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Safe pH Levels for Swimming

by
author image Rob Harris
While studying journalism in the Army and at the University of Missouri, Rob Harris developed a lifelong love of physical fitness and nutrition, contributing often to a dairy industry newsletter. He has also worked with and created blogs for several family businesses including a professional dog kennel and a flower shop, where he used his experience as an avid gardener to grow plants for sale.
Safe pH Levels for Swimming
Keep your pool safe for your skin by watching the pH. Photo Credit Ryan McVay/Photodisc/Getty Images

Keeping your pool safe for swimming means consistent monitoring of chemicals and levels such as the water's pH. This is a measure of the water's acidity, and different levels of pH can have harmful effects on your pool as well as your body if you try to swim when the levels aren't ideal.

Ideal pH Levels

The right pH levels help the chlorine in the pool work while protecting your skin and eyes from harsh chemicals. The safest pH levels for swimming fall between 7.2 and 7.8, according to the Centers for Disease Control and Prevention. This coincides with most swimmers' body pH levels, keeping the water from causing problems for you as you swim.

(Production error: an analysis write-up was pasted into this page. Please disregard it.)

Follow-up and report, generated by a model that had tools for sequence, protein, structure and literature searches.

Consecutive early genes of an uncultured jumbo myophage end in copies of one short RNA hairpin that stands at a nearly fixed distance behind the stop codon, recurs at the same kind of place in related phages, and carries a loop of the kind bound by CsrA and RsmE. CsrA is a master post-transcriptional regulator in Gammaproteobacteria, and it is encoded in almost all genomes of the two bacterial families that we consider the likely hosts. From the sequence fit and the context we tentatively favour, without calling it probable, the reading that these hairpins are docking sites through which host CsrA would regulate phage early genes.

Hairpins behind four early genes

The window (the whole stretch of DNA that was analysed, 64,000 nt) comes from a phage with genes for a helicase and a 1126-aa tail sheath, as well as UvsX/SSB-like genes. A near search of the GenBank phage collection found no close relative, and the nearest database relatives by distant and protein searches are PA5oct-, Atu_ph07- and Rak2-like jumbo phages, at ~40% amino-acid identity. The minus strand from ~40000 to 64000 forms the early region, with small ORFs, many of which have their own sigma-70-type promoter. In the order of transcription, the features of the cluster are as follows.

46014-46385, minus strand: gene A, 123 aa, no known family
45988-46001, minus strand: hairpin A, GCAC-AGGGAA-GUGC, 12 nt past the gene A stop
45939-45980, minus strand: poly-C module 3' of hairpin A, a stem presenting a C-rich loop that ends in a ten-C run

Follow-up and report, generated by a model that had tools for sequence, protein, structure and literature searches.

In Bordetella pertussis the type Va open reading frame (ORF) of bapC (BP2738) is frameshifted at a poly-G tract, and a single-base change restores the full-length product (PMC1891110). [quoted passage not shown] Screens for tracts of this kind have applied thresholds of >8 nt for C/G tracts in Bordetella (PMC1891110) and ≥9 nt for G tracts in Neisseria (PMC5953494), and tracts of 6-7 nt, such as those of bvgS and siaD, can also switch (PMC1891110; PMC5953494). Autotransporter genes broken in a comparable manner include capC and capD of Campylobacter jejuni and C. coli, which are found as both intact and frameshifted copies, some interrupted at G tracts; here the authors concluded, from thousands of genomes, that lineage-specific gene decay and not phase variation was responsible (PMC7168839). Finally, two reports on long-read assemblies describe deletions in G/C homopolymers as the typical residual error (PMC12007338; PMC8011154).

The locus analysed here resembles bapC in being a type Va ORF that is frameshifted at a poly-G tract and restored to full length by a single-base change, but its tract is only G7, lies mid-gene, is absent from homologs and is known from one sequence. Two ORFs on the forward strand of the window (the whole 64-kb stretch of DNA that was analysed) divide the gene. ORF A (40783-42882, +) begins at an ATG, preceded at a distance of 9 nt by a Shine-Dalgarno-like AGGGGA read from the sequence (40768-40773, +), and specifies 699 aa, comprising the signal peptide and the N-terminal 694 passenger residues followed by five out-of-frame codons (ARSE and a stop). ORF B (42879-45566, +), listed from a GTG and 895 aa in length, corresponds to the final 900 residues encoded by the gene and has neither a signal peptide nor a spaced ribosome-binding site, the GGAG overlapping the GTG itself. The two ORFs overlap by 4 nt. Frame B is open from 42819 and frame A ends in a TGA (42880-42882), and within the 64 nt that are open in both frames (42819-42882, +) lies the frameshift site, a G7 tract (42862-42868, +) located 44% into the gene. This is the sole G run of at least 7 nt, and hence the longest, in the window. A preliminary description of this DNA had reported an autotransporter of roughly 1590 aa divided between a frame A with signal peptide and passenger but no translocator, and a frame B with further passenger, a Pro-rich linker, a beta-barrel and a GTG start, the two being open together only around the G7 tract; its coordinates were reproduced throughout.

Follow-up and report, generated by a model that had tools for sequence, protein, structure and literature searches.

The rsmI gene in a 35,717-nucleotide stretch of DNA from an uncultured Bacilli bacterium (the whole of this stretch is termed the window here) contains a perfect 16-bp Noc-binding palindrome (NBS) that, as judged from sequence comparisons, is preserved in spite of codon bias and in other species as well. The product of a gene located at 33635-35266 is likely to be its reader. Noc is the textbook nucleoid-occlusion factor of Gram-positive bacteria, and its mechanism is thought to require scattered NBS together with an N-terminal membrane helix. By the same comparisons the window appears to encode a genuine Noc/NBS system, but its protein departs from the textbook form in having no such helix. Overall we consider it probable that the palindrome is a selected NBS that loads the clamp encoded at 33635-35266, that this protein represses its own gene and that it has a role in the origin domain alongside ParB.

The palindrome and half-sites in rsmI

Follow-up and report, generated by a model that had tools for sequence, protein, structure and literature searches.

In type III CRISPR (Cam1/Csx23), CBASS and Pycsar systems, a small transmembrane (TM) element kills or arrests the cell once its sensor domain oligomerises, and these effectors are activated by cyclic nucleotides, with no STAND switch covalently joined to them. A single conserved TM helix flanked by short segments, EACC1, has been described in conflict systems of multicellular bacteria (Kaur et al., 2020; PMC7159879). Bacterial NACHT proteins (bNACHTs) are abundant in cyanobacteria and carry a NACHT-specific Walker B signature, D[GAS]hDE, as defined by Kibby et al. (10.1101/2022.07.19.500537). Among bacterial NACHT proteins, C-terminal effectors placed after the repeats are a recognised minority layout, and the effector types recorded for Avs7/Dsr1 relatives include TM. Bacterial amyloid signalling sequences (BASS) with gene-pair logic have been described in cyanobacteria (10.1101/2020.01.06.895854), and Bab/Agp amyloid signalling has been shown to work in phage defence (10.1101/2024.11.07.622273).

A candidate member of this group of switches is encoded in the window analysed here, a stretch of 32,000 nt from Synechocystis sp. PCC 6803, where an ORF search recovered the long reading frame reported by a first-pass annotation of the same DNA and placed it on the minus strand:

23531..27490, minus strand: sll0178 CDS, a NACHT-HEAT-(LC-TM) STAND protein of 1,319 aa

High pH Problems

High pH is considered alkaline, and it can cause problems with you as well as the pool. A pH above 7.8 can cause cloudiness in the water and scaling along the sides of your pool. A high pH also stops the chlorine and other disinfectants from working effectively, meaning dangerous bacteria in your pool might not die when the water pH is high. You might not notice a difference in the water while you're swimming, but the bacteria could be harmful if it makes it into your body.

Low pH Problems

When the water is on the acid range of the pH scale, which means it's lower than 7.0, you might feel the difference in the water as you swim. This low pH can cause skin irritation and make your eyes burn if you open them under water. Like high pH, chlorine and other disinfectants aren't as effective when the pH is low, making it possible for dangerous bacteria to survive. It can also hurt your pool, causing metal to corrode and vinyl linings to wrinkle.

Making It Right

Adjusting your pH takes a bit of trial and error, so always start on the low end when you put additives in your pool. If the pH levels are high, adding a dry acid such as sodium bisulphate can help. The amount you add varies based on the pH reading; as an example for a 50,000-gallon pool, add 900 grams of sodium bisulphate if the pH reads 8.0. To raise the pH, add sodium bicarbonate, easily found in items such as baking soda. For example, per Arm and Hammer, add about 9 pounds per 10,000 gallons of water. After two days, if the levels haven't stabilized, add more of the proper substance to continue raising or lowering the pH.

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